Traffic situations downtown Los Angeles

Traffic situations downtown Los Angeles Southern California has, yet again, clinched the dubious distinction of having the country’s worst traffic. Drivers in the Los Angeles-Long Beach-Santa Ana region spent 81 hours idling on freeways in 2015, the worst cumulative delay of any U.S. metropolitan area. 

Traffic situations downtown Los Angeles

 L.A (Los Angeles) traffic is literally the worst  

The findings should come as no surprise to Angelenos. Traffic situations in downtown Los Angeles remains the top concern for Southern California residents, topping personal safety, housing costs and retirement savings, according to a recent Los Angeles Times poll. Although its little comfort for those stuck behind the wheel, researchers have long said that heavier traffic is a sign of a healthier economy. Typically, congestion levels dip during recessions because fewer people have jobs.  

Traffic situations downtown Los Angeles

The 101 southbound sees the worst delays of any freeway in Los Angeles. On Wednesdays at 8 a.m., the most congested period, drivers move an average of 17 mph and spend 58 minutes longer in their cars than they would if traffic were free-flowing. Drivers on that section of the 101 spend 134 hours per year — about 5 1/2 days — waiting in traffic. The hour of the week with the worst congestion was 4 p.m. Friday, when six of L.A.’s 25 most congested roads recorded their most sluggish hour. The 1study did not include surface streets. In San Francisco and Washington, the second-worst places to commute by car, drivers wasted about five fewer hours than in Los Angeles last year.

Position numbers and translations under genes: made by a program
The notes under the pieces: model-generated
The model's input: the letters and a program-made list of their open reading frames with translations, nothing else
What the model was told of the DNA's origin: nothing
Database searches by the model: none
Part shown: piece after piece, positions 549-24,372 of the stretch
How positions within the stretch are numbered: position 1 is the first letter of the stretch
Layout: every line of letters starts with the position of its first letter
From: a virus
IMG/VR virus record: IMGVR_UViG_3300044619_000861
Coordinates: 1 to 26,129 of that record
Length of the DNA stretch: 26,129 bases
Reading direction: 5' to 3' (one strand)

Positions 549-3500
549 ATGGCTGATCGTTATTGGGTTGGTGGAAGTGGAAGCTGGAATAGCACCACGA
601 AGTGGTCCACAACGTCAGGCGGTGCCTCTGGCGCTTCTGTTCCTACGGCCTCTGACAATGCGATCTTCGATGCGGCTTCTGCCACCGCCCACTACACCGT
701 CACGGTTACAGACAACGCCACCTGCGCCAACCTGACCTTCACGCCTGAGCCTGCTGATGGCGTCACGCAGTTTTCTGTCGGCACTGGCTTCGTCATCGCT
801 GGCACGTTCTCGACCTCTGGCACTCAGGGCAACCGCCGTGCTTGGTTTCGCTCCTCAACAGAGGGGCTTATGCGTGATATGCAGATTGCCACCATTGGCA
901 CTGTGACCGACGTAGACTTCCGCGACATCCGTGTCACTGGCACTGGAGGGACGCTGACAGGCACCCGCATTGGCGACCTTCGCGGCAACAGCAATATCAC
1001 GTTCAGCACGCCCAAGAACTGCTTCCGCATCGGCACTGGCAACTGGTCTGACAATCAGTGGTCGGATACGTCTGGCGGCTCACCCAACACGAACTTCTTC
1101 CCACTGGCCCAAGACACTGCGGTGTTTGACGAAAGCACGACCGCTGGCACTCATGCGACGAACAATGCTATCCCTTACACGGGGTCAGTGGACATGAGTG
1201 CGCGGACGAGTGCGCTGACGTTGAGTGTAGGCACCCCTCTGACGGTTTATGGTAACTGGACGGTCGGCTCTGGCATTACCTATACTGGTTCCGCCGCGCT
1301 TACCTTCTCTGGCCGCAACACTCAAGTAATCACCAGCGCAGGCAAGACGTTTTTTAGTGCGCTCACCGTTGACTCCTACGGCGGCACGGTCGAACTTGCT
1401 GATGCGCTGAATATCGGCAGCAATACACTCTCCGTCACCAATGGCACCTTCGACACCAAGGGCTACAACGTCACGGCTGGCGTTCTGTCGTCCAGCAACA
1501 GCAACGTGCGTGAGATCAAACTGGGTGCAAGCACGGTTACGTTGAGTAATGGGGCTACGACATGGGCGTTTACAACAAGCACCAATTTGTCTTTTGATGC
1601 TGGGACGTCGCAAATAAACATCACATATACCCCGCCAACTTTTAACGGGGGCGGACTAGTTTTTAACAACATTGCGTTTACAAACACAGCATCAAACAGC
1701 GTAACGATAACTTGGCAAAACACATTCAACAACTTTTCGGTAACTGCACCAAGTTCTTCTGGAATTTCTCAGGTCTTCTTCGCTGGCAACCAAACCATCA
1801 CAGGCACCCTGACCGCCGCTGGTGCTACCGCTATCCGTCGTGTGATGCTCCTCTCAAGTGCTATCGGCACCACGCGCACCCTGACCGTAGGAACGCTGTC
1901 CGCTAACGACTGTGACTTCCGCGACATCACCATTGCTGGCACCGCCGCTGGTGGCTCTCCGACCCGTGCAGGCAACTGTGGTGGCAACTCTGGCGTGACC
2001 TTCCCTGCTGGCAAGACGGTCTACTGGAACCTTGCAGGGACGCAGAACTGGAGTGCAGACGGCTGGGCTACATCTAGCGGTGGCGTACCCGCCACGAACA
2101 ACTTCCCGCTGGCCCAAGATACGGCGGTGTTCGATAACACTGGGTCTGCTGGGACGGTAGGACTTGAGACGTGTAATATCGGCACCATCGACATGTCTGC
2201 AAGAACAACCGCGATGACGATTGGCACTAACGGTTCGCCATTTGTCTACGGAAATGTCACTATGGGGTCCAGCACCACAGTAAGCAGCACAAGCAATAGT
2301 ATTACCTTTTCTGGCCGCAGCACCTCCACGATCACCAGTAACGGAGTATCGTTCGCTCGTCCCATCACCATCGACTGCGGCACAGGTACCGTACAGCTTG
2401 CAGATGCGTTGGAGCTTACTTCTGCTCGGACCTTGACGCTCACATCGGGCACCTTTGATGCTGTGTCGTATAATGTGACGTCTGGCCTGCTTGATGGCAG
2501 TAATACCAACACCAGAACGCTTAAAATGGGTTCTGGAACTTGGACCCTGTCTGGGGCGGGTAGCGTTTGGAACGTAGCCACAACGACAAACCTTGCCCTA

Angelenos can take comfort in knowing it could always be worse 

Over the next few years, if gas prices remain low and the economy stays strong, drivers in L.A. and other major cities should expect congestion to increase. Aside from an economic downturn, the only way traffic will get better is if policymakers charge drivers to use the roads. Still, some transportation researchers say the advent of the autonomous car over the next 10 to 15 years could slow, or even stop, congestion’s slow creep upward. 

Driver-less cars are billed as more efficient than human drivers, in part because robot drivers require less space between vehicles. Once autonomous cars make up a higher proportion of vehicles on the road, “you’re going to start to see improvements.” In the short term, Angelenos can take comfort in knowing it could always be worse. In London last year, drivers spent 101 hours stuck in traffic. 

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